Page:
While Facebook has made it possible to talk to and stalk anyone we've ever met, it's also being blamed for an increasing condition of loneliness. This video, based on research into the link between social networks and loneliness, argues that constant self-promotion and the ability to edit our lives has engineered a perpetual loneliness. Facebook provides a platform that promises we will always be heard, and allows us to constantly connect with others so that we will never have to be alone. I check Facebook constantly, even though it is already linked up to my iPhone notifications. The possibility for self-sabotage here seems two fold. First, instant messaging gives instant gratification. But that gratification can quickly turn sour with the introduction of 'seen' notifications. I now know for certain that someone has seen my message. They have read it, decided it wasn't worth replying to, and gone on with their day. Was it not funny enough? Are they messaging other people? Am I a desperate loon with no conversational skills? It's stupid, ridiculous and petty, but for a generation raised on MSN Messenger, our online messages are our conversation. When these go ignored, it can make us question ourselves in a way that we know is insane - and if we tried to explain it to someone else, they would tell us exactly that - but left alone in your room on your laptop, we just can't seem to help it.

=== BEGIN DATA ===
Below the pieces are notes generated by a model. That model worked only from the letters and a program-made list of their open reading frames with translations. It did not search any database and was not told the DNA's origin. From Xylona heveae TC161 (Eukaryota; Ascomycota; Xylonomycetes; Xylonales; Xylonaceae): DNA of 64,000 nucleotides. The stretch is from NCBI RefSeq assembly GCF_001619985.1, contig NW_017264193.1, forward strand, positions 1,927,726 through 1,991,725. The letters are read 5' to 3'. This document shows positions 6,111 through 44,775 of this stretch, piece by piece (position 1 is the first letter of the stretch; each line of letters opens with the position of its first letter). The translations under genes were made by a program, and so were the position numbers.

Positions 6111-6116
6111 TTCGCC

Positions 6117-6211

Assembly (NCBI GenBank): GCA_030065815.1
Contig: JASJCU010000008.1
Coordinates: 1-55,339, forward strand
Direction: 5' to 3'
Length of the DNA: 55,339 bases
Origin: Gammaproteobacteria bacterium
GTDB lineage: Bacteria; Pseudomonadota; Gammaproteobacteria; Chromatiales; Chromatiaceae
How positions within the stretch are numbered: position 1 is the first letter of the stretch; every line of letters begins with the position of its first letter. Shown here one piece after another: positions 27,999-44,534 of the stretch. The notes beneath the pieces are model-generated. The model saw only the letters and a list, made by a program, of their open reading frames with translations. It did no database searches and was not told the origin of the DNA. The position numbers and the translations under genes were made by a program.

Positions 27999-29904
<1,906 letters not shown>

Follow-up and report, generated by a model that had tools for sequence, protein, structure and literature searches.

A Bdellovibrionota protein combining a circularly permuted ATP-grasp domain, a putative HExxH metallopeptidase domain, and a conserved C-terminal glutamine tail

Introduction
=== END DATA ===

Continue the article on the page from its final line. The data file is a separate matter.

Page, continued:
The second aspect of Facebook with life-ruining potential is the ability to self-edit. Everyone is constantly showcasing themselves - it's essentially Crufts up in here - and I don't think there is anyone left in the audience listening anymore. Sometimes it seems as if we're all just shouting at each other with our ears closed, endlessly and shamelessly self-promoting. Looking at someone else's profile, I'll wonder why I haven't put up any photos in the last month, or why I am not linking to an article where I interviewed 2Pac's ghost, or how I've not signed in at twenty-eight different countries in the past week. It's competitive, it's self-destructive, and what's worse is that I personally have no intention of deleting my Facebook. Because I would essentially cease to exist, and deleting the mechanism that is making me lonely would now, by product of its vastness, make me even more alone. You've really done it Zuckerberg, you absolute bastard.